Yes, for every victor, a loser must also emerge. A landslide defeat for any country can be devastating, and in some countries - like Holland and England - many view the repeated disappointment and dashed expectations as cursed destiny akin to Shakespearean or Greek tragedy. The only time in my life I’ve literally seen grown men cry, is watching their football squad get destroyed in brutal fashion – their tears a testament to sports culture and their national pride.
5. One Liners for a Lifetime
Still learning the nuances of the game? No worries, the commentators and fans alike provide plenty of excitement and catch phrases sure to entertain even the most novice fan. Their bold, definitive proclamations eloquently offered in a fine gentleman’s accent, enhance the theatre to monumental proportions of jubilation or shame. For anyone who tuned in to watch the 2010 World Cup Finals rematch of Spain versus the Netherlands and witnessed Robin Van Persie’s final goal, which sealed the ill fate for the defending champions after a badly botched touch by its goalkeeper – such torment was captured in a single line filled with raw shock and disbelief – “And Spain’s embarrassment is complete!”
Quick Tip: Listening to local television coverage provides a great opportunity to improve your comprehension and expand your passive vocabulary while living in a foreign country. Keep a language journal, jot down any colloquialisms or slang you encounter and make them a part of your active dialogue - You'll be sure to impress locals and friends at home with your skills!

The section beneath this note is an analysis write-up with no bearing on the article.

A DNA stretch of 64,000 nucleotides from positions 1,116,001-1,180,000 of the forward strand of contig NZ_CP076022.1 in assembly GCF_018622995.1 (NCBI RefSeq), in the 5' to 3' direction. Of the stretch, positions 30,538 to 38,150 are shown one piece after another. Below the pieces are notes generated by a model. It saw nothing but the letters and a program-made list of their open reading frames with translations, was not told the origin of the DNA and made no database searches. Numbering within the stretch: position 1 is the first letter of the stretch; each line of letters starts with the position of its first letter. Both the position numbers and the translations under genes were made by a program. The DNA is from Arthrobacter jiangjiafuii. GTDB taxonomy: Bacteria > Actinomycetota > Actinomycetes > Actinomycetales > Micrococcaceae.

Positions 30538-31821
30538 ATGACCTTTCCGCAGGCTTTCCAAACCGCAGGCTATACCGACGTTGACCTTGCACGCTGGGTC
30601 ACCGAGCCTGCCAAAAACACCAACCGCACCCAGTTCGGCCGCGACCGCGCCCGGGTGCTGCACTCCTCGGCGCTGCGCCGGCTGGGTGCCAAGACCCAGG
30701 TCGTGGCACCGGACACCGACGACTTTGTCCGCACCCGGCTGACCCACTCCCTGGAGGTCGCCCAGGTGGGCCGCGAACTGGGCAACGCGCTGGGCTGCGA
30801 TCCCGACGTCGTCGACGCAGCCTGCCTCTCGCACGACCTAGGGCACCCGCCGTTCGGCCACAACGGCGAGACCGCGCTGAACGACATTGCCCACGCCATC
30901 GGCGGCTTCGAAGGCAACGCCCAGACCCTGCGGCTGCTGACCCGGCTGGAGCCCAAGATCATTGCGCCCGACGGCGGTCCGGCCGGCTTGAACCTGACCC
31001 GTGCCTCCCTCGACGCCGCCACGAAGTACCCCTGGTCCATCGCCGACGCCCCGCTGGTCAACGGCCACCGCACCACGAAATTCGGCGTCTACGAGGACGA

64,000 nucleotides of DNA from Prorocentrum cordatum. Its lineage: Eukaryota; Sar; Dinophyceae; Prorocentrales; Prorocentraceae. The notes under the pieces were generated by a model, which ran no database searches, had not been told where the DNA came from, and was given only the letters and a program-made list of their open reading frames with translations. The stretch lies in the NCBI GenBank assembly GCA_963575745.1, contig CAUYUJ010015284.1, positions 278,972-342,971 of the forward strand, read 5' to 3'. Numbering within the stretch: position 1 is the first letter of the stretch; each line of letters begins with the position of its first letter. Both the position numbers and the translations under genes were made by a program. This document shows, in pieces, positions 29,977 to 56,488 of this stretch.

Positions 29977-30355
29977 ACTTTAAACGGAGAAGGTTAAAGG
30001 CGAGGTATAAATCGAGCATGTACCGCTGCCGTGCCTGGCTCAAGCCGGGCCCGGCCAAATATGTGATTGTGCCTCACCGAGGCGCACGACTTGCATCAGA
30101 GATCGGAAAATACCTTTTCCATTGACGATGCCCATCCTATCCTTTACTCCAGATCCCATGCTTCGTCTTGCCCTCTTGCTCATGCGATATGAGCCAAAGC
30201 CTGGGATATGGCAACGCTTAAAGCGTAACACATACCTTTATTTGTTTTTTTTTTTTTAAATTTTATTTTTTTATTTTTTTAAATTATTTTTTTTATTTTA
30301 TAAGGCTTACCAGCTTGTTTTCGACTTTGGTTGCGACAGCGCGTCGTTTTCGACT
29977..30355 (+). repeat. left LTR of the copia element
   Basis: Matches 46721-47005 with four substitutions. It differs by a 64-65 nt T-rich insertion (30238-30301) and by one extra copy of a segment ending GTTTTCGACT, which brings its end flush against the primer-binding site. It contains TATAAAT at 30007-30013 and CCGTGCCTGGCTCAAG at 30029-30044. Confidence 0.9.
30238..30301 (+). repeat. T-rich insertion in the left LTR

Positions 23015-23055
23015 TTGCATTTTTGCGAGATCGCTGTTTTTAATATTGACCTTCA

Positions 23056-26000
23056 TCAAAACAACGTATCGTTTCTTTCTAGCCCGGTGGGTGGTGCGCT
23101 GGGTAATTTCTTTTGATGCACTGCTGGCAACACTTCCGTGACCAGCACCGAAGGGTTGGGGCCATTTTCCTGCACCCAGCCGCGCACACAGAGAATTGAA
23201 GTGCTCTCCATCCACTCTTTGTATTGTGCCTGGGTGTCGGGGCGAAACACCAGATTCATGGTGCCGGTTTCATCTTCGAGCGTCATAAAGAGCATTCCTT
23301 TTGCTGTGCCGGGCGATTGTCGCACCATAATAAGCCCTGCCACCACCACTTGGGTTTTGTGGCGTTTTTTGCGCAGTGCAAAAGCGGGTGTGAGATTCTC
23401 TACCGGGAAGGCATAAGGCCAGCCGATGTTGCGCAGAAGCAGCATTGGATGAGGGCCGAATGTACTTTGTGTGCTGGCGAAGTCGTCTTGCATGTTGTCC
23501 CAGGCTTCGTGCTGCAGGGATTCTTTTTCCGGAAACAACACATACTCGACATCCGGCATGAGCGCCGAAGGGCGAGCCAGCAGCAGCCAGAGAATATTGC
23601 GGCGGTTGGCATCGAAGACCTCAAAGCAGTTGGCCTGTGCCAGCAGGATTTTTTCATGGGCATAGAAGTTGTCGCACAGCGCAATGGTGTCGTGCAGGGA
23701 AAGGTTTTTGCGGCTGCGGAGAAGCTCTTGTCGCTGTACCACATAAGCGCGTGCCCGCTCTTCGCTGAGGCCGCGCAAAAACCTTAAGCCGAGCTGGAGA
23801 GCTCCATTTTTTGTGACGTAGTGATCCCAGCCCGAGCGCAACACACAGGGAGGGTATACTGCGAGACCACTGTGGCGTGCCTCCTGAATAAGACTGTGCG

6. Rocking the Anthems
No need to win gold to have the flag raised and anthem played. Both footballer and fan join in chorus to boisterously belt out their national song and pride before every match. It’s a sheer delight to observe!
7. Every Match Matters
That’s right, with the point system in the round robin group stages, the opportunity to advance often hinges upon the performance of a match your team isn’t even playing in – you’ll find yourself watching nations you didn’t realize you had a stake in, rooting for a win, loss or draw, as the implications for your squad may be fatal. In this format, the action of each match delivers drama, tension and fantastic play sure to draw you in, no matter the teams involved; it's kind of like the March Madness NCAA tournament, if you could amp that up 100 fold.
8. Sport Imitates Life, Life Imitates Sport
If you’re living abroad during the World Cup, football mania will certainly inspire pickup games in the park with friends/acquaintances. Put your pride aside and jump at the chance to get involved – it’s a great way to meet new people and a story to tell the friends and fam back home. Also, a love of football is something you can take with you anywhere you may go in world and unlike some other sports, it doesn't require fancy equipment or a superhuman athletic physique (the world's top player, Lionel Messi of Argentina, is barely 5'7" tall). If you haven’t had the time to practice much (or ever), your only advantage may be in knowing the rules/strategy. Now’s your chance to watch, learn and develop the hobby that you can enjoy for life!
ITA graduate, Carlos Torres (left, front row), wears the colors of the U.S. & Brazil while taking in a World Cup match with his Brazilian friends & colleagues (and other assorted locals).
9. Time to Get off the Island & Become a Global Citizen
So they say there’s a little truth in every stereotype, and if you hail from the U.S. and have ventured abroad previously, you may have heard that Americans are one or more of the following:
Americans Talk Loud
Americans are Arrogant
Americans live on an island, and are generally uninformed about what’s going on in the world, outside our borders, including sports.
Matt Birgy is a member of the ITA Advising team, Matt has taught abroad in South Korea, studied in Germany, worked with adult ESL students in Chicago and visited over 20 countries worldwide. Between his teaching days in Korea and working as a senior advisor at ITA, Matt has more than 10 years of professional work experience in the field of TEFL and Teaching English Abroad.